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New study exposes racism
The back of the health care bus

By Nicole Colson | April 5, 2002 | Page 2

"THE MEDICAL world just reflects the real world." That's how one African American patient summed up the reality of the health care system--a reality reflected in the findings of a report released last month that found that minorities in the U.S. consistently receive lower quality health care than whites.

The Institute of Medicine study concludes that minority patients are more likely to have a poor health status and higher rates of chronic diseases than whites--and that minorities have lower rates of insurance coverage and less access to health care services.

In part, this is because poverty--which affects minorities disproportionately--goes hand in hand with increased rates of illness. And living with a for-profit health care system means that poor people get a lower standard of care--when they're able to qualify for health insurance at all, that is.

As one man told researchers, "Often times, the system gets the concept of Black people off the 6 o'clock news, and they treat us all the same way--here's a guy coming in here with no insurance. He's 'low breed.'"

Another African American patient described his doctor's attitude when he was diagnosed with diabetes. "I need to write this prescription for these pills, but you'll never take them, and you'll come back and tell me you're still eating pig's feet and everything," the doctor said.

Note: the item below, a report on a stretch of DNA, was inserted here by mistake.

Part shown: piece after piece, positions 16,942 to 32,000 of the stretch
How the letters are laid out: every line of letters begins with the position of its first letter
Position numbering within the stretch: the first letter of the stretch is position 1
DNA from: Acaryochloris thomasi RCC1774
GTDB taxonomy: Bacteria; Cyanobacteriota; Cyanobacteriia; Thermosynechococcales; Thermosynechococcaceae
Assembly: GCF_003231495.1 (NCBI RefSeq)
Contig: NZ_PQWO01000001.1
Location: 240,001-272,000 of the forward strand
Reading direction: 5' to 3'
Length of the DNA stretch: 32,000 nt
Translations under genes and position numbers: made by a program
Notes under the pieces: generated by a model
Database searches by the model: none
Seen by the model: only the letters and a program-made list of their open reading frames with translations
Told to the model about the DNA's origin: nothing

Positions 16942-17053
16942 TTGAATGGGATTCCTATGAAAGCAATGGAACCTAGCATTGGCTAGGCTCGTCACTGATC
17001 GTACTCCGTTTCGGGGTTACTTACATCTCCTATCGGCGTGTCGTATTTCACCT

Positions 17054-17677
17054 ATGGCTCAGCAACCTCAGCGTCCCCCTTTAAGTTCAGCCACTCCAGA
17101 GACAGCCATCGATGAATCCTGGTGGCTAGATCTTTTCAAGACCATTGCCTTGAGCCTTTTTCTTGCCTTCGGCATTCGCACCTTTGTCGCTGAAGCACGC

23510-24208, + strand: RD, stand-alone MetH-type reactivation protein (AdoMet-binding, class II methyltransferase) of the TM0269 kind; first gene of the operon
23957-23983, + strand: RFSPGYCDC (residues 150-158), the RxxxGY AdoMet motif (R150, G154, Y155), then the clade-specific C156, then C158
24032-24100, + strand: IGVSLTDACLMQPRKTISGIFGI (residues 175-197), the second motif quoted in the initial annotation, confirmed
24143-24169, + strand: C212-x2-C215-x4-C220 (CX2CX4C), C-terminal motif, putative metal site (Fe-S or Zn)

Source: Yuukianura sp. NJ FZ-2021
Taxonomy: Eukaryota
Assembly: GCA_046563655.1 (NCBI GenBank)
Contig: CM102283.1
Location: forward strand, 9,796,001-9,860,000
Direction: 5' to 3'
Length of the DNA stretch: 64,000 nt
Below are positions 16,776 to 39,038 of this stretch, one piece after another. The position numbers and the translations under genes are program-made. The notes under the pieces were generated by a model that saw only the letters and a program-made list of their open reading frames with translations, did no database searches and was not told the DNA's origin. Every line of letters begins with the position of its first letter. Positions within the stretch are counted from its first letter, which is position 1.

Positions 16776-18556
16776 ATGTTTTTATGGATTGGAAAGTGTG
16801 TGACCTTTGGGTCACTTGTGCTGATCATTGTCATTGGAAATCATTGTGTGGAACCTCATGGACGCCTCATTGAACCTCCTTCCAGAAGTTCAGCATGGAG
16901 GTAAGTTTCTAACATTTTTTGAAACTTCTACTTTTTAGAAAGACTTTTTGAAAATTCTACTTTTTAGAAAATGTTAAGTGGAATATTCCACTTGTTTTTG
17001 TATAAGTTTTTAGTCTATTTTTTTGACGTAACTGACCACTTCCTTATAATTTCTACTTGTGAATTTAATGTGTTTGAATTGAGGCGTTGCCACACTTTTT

Not surprisingly, minorities are less likely to receive more sophisticated--and more expensive--treatments such as bypass surgery, kidney transplants or certain expensive drug therapies for the treatment of HIV and AIDS.

"The real challenge lies not in debating whether disparities exist, because the evidence is overwhelming, but in developing and implementing strategies to reduce and eliminate them," said Dr. Alan Nelson, chair of the committee that wrote the report.

Among the "strategies" called for in the report are increased physician awareness of racism, more interpreters, more minority physicians and more money for the Office of Civil Rights to enforce antidiscrimination laws.

But the one strategy that would help the most isn't even mentioned--a national health care system that could provide coverage for everyone in the U.S. regardless of race or income level.

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